Sunday, September 19, 2010

The dark side of clinical trials

As I have noted before, the clinical trials process needs to be modified somehow to help reduce development costs for new drugs among other reasons. One of these reasons is the dark side of clinical trials, as I like to think of them.

Clinical trials sometimes are the last resort for cancer patients. They hope what they are doing will help future patients. I think they often assume that because they are in a trial they are getting the new drug and it will have some miraculous effect on them. But that is not the case.

Clinical trials are run as blind studies. Patients are randomized into different groups - two or three and sometimes more. One group gets the current standard in treatment that they are comparing the new drug to. The other groups get the new drugs or a combination of the new drug and another drug. This means just because you are in the trial doesn't mean you get anything different than you would have otherwise.

Here is the very sad story of two young cousins who both developed melanoma. One got into the trial and received the new drug. The other did not and the unfortunate ending did happen to him. This is the dark side - the people who do not get the new drug that might have saved them.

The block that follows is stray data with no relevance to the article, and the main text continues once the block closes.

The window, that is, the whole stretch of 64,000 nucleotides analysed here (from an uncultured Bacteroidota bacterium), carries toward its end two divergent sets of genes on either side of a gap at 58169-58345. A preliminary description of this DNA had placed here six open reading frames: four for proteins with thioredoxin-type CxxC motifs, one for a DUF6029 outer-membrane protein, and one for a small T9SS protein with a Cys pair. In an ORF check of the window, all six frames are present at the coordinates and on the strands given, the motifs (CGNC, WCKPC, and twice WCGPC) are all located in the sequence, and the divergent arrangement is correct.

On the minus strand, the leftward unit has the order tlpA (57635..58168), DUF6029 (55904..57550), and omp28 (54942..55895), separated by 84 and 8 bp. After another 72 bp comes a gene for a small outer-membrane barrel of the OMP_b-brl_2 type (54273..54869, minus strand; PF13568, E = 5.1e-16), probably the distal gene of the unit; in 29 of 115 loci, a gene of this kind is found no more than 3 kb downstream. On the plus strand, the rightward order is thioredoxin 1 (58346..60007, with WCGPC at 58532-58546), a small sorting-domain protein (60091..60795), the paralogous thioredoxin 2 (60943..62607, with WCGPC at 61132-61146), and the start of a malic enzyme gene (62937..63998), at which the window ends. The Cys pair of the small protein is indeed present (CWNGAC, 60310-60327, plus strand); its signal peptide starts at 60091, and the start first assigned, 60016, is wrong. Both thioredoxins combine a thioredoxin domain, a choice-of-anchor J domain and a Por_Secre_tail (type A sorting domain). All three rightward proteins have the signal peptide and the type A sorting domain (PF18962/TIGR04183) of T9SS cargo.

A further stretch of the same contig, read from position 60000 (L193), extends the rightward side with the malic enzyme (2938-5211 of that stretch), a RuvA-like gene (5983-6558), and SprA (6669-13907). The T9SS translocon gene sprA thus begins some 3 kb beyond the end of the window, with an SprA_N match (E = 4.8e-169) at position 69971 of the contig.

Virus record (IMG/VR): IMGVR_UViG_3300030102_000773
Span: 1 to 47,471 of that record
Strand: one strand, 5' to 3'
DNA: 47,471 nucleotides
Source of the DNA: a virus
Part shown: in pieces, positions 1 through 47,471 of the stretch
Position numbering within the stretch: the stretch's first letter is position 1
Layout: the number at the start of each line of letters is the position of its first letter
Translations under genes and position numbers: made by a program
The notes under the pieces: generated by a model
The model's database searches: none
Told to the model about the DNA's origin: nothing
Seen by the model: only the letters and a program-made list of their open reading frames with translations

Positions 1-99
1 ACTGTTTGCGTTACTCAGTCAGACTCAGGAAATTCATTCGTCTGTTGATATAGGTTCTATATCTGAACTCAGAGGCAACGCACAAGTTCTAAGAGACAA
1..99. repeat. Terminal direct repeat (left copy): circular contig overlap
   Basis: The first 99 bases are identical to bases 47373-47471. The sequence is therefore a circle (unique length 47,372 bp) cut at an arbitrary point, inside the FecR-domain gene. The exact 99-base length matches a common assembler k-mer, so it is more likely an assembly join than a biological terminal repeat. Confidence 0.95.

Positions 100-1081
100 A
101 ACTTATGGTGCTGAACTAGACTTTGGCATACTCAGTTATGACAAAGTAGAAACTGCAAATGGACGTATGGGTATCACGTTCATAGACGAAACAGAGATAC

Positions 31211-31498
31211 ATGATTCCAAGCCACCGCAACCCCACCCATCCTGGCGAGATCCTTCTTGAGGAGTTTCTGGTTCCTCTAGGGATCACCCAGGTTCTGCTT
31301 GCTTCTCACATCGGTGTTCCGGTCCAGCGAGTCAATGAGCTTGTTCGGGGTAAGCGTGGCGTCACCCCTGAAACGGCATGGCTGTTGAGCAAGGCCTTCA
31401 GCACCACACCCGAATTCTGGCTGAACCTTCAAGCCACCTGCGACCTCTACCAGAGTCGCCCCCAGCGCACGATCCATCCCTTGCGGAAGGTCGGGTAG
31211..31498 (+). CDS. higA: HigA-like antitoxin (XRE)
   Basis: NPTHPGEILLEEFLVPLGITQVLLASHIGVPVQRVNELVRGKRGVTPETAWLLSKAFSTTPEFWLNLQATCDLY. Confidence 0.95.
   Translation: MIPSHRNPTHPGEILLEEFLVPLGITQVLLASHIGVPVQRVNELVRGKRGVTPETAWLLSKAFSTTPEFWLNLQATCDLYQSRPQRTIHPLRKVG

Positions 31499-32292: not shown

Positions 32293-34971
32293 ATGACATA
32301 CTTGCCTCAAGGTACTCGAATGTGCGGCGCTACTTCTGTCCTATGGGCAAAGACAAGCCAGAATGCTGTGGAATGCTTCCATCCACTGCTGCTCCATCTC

The article does provide an example of why the FDA is cautious with their approvals. The breast cancer community twenty years ago was screaming for the approval of bone marrow transplant for breast cancer treatment. But they were then found to be less effective than chemotherapy and even could cause death.

This is another example of why the current clinical trial process needs overhaul. But also shows the balance that must be made in comparing the efficacy of new treatments vs. existing ones and the caution with which they must proceed.

1 comment:

WhiteStone said...

In my case, my first chemo (ovarian cancer) was a clinical trial. Treatment included the standard drugs carboplatin and paclitaxel (carbo/taxol) plus the trial drug Avastin or a placebo. When my file was unblinded, I found that I had been getting carbo/taxol/placebo. After recurrence, I did carbo/taxol again. This time WITH avastin. And right now I am in remission. Hopefully for a long time.

There are numerous drug combos available for ovarian...but if I ever run out of the possibles, I would then be willing again to go into a trial if it involved a brand-new, untried drug.

There are pluses and minuses regarding clinical trials. But I'm glad I participated in this one...the results were positive and many ovarians are now using this drug combo.

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